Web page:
"If such mega-meetings fail to produce measurable near-term results, they can be derided as pointless 'talk-fests'," he said. "Demonstrating progress is how you gain allies and develop political momentum, not by setting unachievable expectations."
David Turnbull, campaigns director of Oil Change International, who has attended a number of U.N. climate conferences, said he has learned something from environmental mega-summits: that they are a tough slog.
But he still sees the point of flying, if need be, all the way from one side of the planet to the other.
"I was pretty skeptical coming into Rio+20 because it didn't seem like governments were taking it seriously. What we're seeing is, that's the case," he said. "But I do think there need to be moments where a spotlight as big as this is shone, moments where you do get all the public attention and people all in one place talking about the same thing."
Critics say Rio should have been 'greener'
Amelia Clarke, director of the master of environment and business program at the University of Waterloo, found value in another sense. She said the discourse of Rio+20 will extend well beyond the conference itself, citing the five different conferences she was invited to in Canada on the green economy.
"It is easy to focus on just the negotiations, and all the time and money that countries put into this effort ... these negotiations are definitely not as valuable as they might be," Clarke said.
"However, I think face-to-face interactions are necessary for a broader group of stakeholders to help with implementation. Sustainable development requires action by local governments, businesses, NGOs, universities, as well as the federal governments and U.N. system."
Nevertheless, Clarke said she saw no evidence that Brazilian authorities had made much of an effort to "green" the event here either with carbon offsets or other sustainability efforts. "The World Summit on Sustainable Development in Johannesburg put considerable emphasis on greening that U.N. conference," she said. "This time I have not seen much on this."
Simone Lovera, of the Global Forest Coalition, echoed that point.
"Did we need to bring 50,000 people here to save the planet?" she asked. "No," she said, before adding that activists achieved "a couple of small victories here" such as raising awareness on deforestation of the Amazonian rainforest.
"It's more encouragement to shout even harder," she said.
In a changing world, difficult diplomacy
Andrew Deutz, director of international government relations at the Nature Conservancy, said the weak text negotiators delivered at Rio+20 stands in stark contrast to the strong commitments that governments and business leaders made last week.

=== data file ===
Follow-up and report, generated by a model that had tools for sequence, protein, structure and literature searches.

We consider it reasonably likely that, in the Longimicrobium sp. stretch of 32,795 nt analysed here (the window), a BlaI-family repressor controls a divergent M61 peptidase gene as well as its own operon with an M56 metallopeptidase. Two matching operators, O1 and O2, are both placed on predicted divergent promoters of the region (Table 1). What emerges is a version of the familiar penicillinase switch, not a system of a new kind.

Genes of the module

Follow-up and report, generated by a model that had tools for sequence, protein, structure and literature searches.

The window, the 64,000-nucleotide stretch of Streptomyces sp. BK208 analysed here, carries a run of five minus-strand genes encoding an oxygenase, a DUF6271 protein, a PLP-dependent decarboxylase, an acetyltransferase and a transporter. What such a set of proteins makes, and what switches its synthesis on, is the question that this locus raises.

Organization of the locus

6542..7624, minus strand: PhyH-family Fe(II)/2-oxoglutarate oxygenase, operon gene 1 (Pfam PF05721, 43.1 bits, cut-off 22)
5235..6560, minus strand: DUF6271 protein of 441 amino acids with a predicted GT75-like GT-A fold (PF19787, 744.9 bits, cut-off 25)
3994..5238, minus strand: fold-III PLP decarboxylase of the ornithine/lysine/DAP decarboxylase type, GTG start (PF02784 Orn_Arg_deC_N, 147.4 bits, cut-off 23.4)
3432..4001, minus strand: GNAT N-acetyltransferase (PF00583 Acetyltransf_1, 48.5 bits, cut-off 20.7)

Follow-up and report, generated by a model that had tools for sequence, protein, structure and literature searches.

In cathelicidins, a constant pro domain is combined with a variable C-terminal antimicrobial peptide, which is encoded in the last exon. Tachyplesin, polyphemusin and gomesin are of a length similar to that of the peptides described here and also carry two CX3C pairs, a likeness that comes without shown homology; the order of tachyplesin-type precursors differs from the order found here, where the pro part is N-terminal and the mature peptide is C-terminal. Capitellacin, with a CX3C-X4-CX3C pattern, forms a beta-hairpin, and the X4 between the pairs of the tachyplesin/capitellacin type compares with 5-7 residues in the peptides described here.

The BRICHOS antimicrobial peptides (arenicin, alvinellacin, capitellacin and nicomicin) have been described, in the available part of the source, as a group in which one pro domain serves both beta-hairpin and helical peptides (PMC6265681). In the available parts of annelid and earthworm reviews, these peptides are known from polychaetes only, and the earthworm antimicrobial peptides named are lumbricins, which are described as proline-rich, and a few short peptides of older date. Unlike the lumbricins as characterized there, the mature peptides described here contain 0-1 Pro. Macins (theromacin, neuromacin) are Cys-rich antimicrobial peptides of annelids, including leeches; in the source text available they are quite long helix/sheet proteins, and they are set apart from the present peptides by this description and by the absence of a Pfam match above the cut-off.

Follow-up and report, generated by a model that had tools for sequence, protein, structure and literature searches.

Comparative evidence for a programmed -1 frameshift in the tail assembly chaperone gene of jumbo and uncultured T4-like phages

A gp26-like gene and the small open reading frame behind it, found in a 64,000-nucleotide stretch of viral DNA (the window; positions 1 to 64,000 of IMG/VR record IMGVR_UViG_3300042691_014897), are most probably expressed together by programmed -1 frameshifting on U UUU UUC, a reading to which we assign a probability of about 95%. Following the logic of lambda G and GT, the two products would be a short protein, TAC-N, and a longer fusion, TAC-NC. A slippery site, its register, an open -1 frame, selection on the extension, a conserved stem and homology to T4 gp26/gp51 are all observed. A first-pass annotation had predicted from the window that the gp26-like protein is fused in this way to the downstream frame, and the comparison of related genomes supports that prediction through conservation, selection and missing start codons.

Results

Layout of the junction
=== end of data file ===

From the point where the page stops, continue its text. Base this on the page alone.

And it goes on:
But, he said, there is a political reality at play. Those pledges -- like the 57 countries and 86 companies who vowed to factor for the use and degradation of air, water and trees into their financial accounting -- would not have happened without the platform and attention that the U.N. conference delivered.
"This creates a political moment. It creates a media opportunity," he said. "It also helps drive bureaucratic change at home. If your president is going to go to an international conference to make a big speech, he or she needs a deliverable."
Deutz also argued that the disappointing Rio+20 document needs to be understood in a changing global political context. While the environmental community is struggling to get goals met in international forums, he said, the Doha trade rounds also have not reached agreement since 2002 and even the most recent G-20 summit failed to deliver a consensus on Europe's economic ills or the crisis in Syria.
"We need to change our expectations of how we write the rules of the world. We've been in a world that's focused on being consensus-driven with a lowest-common-denominator equation, and it was based on a world in which there are rich countries and poor countries. That was 20 years ago. It's a much more complicated world today," he said.
Still, he said, mega-conferences like Rio will continue to have their place in the world. "I expect we'll still be doing big environmental conferences in the future because it's still important to put things on the agenda and to make governments and businesses put things on the agenda."
Was Rio a success? Ask again in 10 years
One Brazilian minister who also asked not to be identified said the host country faced a worldwide economic crisis and lower expectations than recent U.N. summits. He insisted Rio+20 "achieved what was possible" while much of the world trudges through recession.
"Some things are better done than not done," he said. "I see merits in this direction."
The minister agreed that NGOs tend to set the bar too high and therefore create the sense in advance that nothing but a massive breakthrough will mean success. Moreover, he said, the most essential takeaway was the reality that for all the big ideas that were presented, the hard truth is there is less money available in the pipeline -- especially from governments -- as economies struggle with austerity measures and debt problems.
"It's a case of big ideas, no money," he said. Activists, he said, are "very well intended, but they tend to take the stance of everything is so easy to solve, and governments don't solve them because they don't want to. The truth is far more complex than that."
Karla Darra Correa, of the Brazilian Network in the U.N. Global Compact, agreed that NGOs tend to inflate the desired outcome as a way to put pressure on diplomats, a tendency that can backfire. To Correa, the only way to know if this mega-conference was a success is to look back at it in a decade.
"I can't tell you if it's successful, because we are in the middle of it," she said. "From our perspective, what we are seeing is a lot of optimism."
Matthew Gianni, of the Deep Sea Conservation Coalition, agreed that only time will tell.
"Rio+20 has shown less backbone than your average [jellyfish], but if we use this to take the action clearly indicated, then progress will have been made," Gianni said.
Reporter Lisa Friedman contributed.